Reply To: Seeking Answers
My apologies Shaahayda,
Have been dealing with “stinging usurpers,” that have been buzzing inside my house…(hornets eee) another side of nature heh heh. Just a wee bit distracting…
BUT to get back to your other question about childhood…it’s hard to say.
I loved Mother’s paintings and loved colors (still do!—the green or autumn of a forest never ceases to amaze and inspire and mesmerize.)
But for me, memories and people are what held my attention the most.
As far as those traditional rituals, which surround someone as a child, I came to know them more through the people who spoke of them, such as the woman Methodist minister, Clarice Bowman, (who in fact was the one who introduced my Mom to the works of Joe Campbell!)
Clarice was a loving, strong, passionate person with infinite grace and presence, but was not strict or judgmental.
But she was passionate about fairness and justice in the world.
Yet I also sensed the stricter views, which surrounded her. She definitely challenged the grain!
Not easy, but she remained determined!
My tap mentor Beale Fletcher, was a vaudevillian from back in the day. His wife Peggy was originally from Scotland. The two of them toured the country doing ballroom and a dance act together.
They were a huge call to adventure for me in the land of dance! Again two unforgettable people!
And I think, it was only later when I discovered Campbell through the Power of Myth and reading the books, that THEN the symbols became keys to a new way of seeing! It definitely meant more to me!
I’m lucky to have friends of all different backgrounds from Methodist/Presbyterian to Catholic, Jewish and Buddhist and even one Cherokee Elder storyteller…. And friends with scientific backgrounds (Bernd-my naturalist friend in Maine)
So I love that!
Yet also realize there is so much I don’t know…each road can split off into several diverging views about one belief/philosophy. It can become so complicated… impossible to remember all the litanies of one perspective, that sometimes I long for the sacred non-judgemental simplicity that Clarice Bowman shared with my family and me. (Rounding down to love and caring about people.)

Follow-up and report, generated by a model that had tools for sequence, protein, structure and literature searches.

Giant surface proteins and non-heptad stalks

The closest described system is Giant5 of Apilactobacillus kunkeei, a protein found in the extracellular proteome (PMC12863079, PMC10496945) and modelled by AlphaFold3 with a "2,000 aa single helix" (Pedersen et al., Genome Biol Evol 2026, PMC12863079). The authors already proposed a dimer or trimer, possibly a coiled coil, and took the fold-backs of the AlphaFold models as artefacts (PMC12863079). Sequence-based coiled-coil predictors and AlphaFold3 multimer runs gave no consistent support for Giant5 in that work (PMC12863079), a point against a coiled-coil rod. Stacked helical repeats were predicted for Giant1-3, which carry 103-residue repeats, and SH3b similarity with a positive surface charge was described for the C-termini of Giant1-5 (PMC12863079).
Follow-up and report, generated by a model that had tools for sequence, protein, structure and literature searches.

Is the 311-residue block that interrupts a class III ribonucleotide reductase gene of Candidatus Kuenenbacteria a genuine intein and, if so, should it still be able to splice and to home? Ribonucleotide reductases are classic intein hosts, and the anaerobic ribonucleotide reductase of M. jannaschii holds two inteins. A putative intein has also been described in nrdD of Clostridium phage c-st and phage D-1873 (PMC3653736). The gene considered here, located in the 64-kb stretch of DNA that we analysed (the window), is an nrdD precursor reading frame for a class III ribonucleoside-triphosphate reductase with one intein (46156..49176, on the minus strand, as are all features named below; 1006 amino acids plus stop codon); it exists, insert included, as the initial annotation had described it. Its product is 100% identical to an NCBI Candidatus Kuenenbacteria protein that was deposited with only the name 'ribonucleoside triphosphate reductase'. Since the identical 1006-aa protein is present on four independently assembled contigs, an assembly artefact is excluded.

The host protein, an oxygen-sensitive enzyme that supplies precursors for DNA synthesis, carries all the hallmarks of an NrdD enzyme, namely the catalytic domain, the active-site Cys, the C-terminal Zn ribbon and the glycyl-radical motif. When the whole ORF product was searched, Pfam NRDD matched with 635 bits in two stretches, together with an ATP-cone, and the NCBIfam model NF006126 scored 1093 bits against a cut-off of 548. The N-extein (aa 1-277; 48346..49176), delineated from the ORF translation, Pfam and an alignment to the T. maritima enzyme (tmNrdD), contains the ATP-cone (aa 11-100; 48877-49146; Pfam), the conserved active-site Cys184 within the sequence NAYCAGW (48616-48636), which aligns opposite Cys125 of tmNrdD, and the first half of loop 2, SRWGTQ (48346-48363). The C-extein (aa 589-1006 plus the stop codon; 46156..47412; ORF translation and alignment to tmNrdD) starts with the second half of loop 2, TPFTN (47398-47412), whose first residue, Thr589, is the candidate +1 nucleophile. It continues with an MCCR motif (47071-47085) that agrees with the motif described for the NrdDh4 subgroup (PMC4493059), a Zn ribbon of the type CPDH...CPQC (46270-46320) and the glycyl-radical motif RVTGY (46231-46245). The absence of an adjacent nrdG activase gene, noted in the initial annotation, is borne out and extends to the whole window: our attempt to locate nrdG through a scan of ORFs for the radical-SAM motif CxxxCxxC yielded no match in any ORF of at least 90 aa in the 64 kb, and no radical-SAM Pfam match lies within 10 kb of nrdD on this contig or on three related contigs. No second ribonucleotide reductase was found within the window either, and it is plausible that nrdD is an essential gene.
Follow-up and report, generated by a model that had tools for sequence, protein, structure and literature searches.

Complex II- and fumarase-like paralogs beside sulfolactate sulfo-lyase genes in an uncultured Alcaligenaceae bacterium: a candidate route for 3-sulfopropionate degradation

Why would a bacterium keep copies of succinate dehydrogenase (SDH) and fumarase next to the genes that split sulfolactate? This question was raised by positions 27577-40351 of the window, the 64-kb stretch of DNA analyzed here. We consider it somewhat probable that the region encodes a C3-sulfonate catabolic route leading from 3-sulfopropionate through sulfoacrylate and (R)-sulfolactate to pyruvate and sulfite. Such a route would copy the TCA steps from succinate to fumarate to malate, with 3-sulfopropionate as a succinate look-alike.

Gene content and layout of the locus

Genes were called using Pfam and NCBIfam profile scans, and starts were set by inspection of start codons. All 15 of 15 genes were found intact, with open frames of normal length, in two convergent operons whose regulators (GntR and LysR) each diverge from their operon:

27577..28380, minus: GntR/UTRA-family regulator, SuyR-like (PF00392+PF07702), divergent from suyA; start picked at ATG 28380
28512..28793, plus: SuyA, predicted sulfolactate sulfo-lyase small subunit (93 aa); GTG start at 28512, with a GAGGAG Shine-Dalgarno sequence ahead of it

And I long for the Joe Campbell take.
I loved what Stephen wrote to you above. Perfect! He nailed it in my opinion! The Trickster energy!
If there was no harm/hurt caused to others and a joyous life has/is being lived (the yea! As Joe Campbell and Stephen are saying) then this “concretization” of what was or wasn’t true definitely seems the (trickster energy.)
And what a creative way of saying that Stephen! Love it! Does not pin down or judge the occurrence…
I sensed a potential “guilt/guilting issue” but “Trickster” opens it up in a healthier way I think!
Ok…so one more thing, but more to do with “literalism,” than trickster…
I see a beautiful rainbow and see it at a time that symbolically means something to me.
Now I am a scientist’s daughter and know how a rainbow literally is formed but it does not take away the feeling of seeing the rainbow in that sacred moment.
Why should I tell anyone, who reads a personal, spiritual transcendence in a phenomenal event that they are wrong? That the rainbow had nothing to do with them? Or the butterfly had nothing to do with the soul of departed loved ones?
Experiencing a special personal meaning is not the same as forcing a “special meaning” on others.
(i.e. stricter religious/philosophical tenets ”Thou Shalt or else!” Or go to Hell!)
That’s why I love the Spell of the Sensuous! (Yes thanks Stephen too for the recommendation that Shaahayda passed on to me!)